One of the UK's largest property companies really hates Conservative right-to-buy proposals

 
Emma Haslett
Follow Emma
The plans are "short-termist" and "bad policy", said JLL (Source: Getty)

On the whole, those at the top end of the property sector are a pretty conservative bunch - particularly when it comes to politics. After all, alienating those in control of your destiny is a fool's errand when you deal in something as politically sensitive as homes.

So eyebrows in the property sector were raised when JLL, one of the UK's largest property services firms, came out strongly against the Conservatives' new right-to-buy manifesto pledge.

In a statement today, the company slammed the plans, which will extend the right-to-buy scheme to housing association tenants.

"The expansion of right-to-buy... represents terrible policy," said Adam Challis, head of residential research at JLL.

"This is exactly the kind of short-termist thinking that the countries' 4.7m households in social housing don’t need, not to mention the same number again of aspiring owners in private renting.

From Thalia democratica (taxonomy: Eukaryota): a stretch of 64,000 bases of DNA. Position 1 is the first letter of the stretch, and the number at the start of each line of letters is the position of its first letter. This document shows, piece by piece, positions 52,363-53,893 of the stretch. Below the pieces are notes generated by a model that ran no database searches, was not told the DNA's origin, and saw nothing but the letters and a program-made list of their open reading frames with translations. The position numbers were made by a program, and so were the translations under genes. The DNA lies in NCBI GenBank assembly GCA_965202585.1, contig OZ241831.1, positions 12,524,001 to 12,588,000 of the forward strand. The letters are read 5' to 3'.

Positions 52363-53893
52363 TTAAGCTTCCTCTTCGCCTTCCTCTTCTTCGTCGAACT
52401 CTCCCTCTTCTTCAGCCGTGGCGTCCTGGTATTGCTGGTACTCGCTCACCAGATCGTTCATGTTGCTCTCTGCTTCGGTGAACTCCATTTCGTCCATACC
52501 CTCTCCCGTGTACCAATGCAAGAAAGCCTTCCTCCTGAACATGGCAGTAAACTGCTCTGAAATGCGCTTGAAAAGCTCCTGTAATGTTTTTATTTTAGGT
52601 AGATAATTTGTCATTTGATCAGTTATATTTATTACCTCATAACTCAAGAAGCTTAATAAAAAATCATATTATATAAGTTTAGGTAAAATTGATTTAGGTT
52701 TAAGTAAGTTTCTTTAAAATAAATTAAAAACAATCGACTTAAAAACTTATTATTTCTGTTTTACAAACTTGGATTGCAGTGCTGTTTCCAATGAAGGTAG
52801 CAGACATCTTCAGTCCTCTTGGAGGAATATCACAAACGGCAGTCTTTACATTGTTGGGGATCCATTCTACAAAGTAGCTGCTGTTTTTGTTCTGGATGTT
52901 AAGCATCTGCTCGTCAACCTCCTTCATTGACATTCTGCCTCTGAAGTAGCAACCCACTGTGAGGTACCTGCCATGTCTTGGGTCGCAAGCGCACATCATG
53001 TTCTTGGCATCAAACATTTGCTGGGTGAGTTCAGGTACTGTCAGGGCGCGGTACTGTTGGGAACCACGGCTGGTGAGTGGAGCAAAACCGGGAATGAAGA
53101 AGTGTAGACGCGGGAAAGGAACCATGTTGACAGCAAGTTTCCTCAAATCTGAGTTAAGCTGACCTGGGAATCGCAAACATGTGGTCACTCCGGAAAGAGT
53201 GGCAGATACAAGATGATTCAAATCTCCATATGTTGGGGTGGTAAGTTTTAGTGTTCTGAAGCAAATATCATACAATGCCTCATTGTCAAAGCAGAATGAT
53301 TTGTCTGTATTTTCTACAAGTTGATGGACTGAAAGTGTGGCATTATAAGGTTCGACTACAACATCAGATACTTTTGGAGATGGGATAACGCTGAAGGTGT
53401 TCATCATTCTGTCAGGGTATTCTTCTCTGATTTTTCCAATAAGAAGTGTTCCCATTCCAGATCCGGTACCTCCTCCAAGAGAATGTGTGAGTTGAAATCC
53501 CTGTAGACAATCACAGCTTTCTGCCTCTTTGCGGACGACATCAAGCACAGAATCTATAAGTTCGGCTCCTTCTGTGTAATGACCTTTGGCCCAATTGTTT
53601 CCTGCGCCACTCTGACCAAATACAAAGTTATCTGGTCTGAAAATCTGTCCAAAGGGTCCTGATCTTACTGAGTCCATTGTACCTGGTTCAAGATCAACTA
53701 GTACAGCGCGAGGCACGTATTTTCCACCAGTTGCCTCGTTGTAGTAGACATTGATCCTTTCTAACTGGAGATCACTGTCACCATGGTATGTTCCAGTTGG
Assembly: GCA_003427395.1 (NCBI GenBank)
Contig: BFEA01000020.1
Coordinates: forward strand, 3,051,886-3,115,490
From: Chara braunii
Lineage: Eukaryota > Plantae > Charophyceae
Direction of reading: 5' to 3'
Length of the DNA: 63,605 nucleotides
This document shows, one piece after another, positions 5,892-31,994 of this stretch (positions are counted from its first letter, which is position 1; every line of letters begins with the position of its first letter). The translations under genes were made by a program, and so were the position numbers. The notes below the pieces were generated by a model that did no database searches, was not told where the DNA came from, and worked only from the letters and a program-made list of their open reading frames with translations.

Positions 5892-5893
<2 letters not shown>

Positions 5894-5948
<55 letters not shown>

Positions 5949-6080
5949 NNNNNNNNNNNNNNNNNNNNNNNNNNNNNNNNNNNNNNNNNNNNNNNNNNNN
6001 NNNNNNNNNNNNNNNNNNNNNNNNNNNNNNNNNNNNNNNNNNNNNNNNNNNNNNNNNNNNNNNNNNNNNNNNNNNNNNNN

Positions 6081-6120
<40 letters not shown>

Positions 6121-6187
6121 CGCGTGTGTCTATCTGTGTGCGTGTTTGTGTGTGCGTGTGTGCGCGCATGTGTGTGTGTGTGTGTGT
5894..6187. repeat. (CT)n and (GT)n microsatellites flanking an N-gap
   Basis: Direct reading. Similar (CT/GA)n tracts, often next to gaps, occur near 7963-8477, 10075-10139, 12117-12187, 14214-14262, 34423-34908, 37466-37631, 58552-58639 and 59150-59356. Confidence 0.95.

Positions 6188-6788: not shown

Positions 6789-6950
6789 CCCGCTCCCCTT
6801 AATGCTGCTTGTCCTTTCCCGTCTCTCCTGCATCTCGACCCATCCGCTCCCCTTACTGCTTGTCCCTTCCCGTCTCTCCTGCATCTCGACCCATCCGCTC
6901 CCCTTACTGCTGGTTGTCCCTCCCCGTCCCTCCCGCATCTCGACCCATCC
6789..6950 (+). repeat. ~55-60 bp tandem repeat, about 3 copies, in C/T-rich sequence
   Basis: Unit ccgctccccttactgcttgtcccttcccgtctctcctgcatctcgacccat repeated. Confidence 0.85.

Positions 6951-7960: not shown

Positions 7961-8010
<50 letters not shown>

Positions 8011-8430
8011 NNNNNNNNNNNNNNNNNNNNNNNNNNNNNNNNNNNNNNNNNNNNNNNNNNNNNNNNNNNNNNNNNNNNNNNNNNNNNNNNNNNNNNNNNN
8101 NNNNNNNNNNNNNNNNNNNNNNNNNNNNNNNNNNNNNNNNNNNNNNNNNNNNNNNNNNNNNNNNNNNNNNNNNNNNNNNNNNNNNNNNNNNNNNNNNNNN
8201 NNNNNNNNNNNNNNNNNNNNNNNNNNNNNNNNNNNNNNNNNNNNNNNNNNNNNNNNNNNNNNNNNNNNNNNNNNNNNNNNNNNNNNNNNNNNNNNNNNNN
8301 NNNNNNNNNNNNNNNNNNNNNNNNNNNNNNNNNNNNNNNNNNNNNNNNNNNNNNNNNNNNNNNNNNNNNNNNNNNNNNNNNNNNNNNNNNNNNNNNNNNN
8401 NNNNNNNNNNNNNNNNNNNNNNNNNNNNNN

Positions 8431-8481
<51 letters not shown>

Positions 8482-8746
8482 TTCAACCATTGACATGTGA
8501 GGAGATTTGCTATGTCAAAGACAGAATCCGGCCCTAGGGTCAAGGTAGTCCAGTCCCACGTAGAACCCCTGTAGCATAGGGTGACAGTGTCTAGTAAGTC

"Right to Buy benefits a select few while condemning the vast majority to longer waiting lists and fewer choices. At a time when we are building barely half the homes this country needs, we need a government that is interested in genuine solutions to the housing crisis rather than cheap vote-winners.”

But it didn't stop there. Richard Petty, head of affordable housing at the company, also waded in.

"This is bad politics as well as bad policy. This worked well in 1979, but voters are too astute to be swayed by the same policy card played twice."

He pointed out that the UK is currently building less than a tenth of new homes needed each year, echoing National Housing Federation chief David Orr, who dubbed the policy a "hollow promise".

"Since the coalition revived the RTB in 2012 the promises of one new affordable home built for each one sold have proved hollow and, without change in the policy, there is no reason why it should be any different after this election.

"We think this will mean fewer affordable homes being built rather than more, and this policy could therefore backfire spectacularly on the government for the sake of a few extra votes in this election.”

Related articles